By RICH MYHRE
VANCOUVER, British Columbia – Smiling, upbeat and confident would be good words to describe forward Vin Baker in the minutes before the Seattle SuperSonics opened their 2000-01 NBA season.
Would you believe cocky?
“As I’ve said to my family and friends, I’m just scared because of the potential that I have for this season,” Baker said, minutes before the team’s opener against the Vancouver Grizzlies. “I haven’t felt like this in two years, knowing how good I can be this season.”
They are comments that should thrill his Seattle coaches and teammates – providing Baker can back them up.
The last two seasons haven’t been pleasant for Baker, a 6-foot-11 forward and a four-time NBA All-Star.
During the lockout-shortened 1999 season, Baker reported to training camp badly overweight. His condition never improved significantly, in part because a series of injuries kept Baker on the sidelines for 16 of the team’s 50 games. He averaged career lows of 13.8 points and 6.2 rebounds, and was largely held responsible for Seattle finishing 25-25 and missing the playoffs.
Baker was better last season, averaging 16.6 points and 7.7 rebounds, but he still wasn’t in top physical condition. In addition, Baker admitted late in the season that he was battling depression, which seemed to contribute to his often lackluster play.
In the past offseason, Baker devoted himself to his physical training. He also benefited from his experience with the United States Olympic team in Sydney, Australia, and he had eagerly awaited the start of the new season.
“I might not average the same numbers I averaged last year, but I’m scared because I think I’m better than I was the last two years,” Baker said. “It might not show up as 20 (points) and 10 (rebounds) every night, but I have to do the things that will make this team better.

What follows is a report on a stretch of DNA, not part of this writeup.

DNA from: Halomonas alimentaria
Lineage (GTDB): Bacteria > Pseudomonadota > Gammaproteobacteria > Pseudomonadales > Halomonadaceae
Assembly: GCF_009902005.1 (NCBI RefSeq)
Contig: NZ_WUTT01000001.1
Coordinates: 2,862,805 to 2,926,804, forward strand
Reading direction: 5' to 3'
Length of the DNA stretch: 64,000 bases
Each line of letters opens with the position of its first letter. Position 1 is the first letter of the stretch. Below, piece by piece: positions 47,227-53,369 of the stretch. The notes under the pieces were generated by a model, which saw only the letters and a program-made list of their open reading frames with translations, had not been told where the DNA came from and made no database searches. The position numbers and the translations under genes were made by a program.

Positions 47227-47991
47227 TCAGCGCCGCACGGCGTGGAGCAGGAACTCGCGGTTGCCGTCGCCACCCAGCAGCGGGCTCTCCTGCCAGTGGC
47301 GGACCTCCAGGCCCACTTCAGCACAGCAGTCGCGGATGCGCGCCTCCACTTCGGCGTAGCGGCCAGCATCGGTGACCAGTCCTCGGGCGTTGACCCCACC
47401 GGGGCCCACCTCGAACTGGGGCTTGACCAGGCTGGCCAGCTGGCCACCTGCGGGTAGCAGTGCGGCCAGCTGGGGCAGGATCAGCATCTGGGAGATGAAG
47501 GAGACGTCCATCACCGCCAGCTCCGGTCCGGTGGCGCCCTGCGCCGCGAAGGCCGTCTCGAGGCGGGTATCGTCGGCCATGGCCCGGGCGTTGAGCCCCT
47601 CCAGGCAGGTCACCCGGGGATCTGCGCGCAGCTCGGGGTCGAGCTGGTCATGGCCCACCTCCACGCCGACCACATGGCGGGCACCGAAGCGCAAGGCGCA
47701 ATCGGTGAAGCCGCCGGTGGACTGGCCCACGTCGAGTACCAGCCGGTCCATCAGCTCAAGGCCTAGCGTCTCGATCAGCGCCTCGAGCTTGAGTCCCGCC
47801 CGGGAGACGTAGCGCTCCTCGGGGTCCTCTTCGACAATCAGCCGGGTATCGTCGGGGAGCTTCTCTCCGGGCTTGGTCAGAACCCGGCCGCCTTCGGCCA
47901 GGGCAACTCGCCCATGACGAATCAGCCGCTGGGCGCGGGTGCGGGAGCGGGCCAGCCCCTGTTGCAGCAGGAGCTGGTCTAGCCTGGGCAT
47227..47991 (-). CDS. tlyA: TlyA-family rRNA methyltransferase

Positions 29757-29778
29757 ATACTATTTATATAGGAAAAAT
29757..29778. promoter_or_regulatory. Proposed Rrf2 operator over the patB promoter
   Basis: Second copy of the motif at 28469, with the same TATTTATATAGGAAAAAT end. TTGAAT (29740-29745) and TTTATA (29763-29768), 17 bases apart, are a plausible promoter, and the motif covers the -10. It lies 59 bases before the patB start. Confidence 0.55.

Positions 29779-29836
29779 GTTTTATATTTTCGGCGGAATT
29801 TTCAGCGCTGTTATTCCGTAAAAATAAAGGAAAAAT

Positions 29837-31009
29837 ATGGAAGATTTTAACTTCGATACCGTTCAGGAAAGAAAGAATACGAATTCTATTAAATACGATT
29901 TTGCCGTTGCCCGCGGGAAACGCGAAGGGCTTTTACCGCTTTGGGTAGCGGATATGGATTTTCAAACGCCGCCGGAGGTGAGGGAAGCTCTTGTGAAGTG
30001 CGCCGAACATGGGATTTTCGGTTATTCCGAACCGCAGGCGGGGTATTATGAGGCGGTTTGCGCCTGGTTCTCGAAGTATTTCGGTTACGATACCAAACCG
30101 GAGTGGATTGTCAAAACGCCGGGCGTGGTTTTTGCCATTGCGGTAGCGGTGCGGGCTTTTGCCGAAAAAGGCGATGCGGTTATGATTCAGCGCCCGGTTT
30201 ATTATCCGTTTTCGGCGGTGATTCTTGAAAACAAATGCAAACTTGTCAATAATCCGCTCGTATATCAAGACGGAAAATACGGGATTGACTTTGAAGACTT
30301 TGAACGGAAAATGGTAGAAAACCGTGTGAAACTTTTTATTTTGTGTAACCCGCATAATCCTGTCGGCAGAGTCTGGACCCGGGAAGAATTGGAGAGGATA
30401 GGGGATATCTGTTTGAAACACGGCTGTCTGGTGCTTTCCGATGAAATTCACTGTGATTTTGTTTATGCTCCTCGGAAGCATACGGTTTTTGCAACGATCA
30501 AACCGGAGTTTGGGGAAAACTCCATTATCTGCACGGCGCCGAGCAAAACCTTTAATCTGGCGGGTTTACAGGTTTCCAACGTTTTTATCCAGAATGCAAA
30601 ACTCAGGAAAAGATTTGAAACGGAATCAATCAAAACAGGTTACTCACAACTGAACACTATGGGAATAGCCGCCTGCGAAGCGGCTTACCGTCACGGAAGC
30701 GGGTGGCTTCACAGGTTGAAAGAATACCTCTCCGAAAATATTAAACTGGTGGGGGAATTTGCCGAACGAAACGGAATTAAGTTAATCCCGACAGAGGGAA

“If we win 60 games, and if I average 13 points and 10 rebounds and two blocks, I’m back. If I score 20 points a game and get 10 rebounds, and if we only win 49 games, who cares?”
Baker was stung during the offseason when he was included in a trade offer to New York for Patrick Ewing. That deal fell through, but Seattle eventually acquired Ewing in a multi-player, multi-team deal that saw the Sonics trade forward Horace Grant and other players instead of Baker.
The bad feelings of August and September have vanished, Baker insisted.
“I’ve really put that out of my mind,” he said. “I’ve been blessed to put that completely behind me. I have no ill feelings toward anyone. I’m just really excited about being on this team, and my whole mindset now is to try to play as well as I can and to try to help this team win as many games as I can.”
This season, said Sonics coach Paul Westphal, “is going to be a major adjustment for Vin. It’s not that we’re not going to go to him, because we are. We’re just not going to go to him as much because we’re going to go to Patrick sometimes.
“Vin has to learn how to be effective off the ball. On the offensive boards, cutting to the basket when they double team Patrick, running on the break and getting the early post-ups. If he can master that, it’s going to make us really tough.”
Talk to us
- You can tell us about news and ask us about our journalism by emailing email@example.com or by calling 425-339-3428.
- If you have an opinion you wish to share for publication, send a letter to the editor to firstname.lastname@example.org or by regular mail to The Daily Herald, Letters, P.O. Box 930, Everett, WA 98206.
- More contact information is here.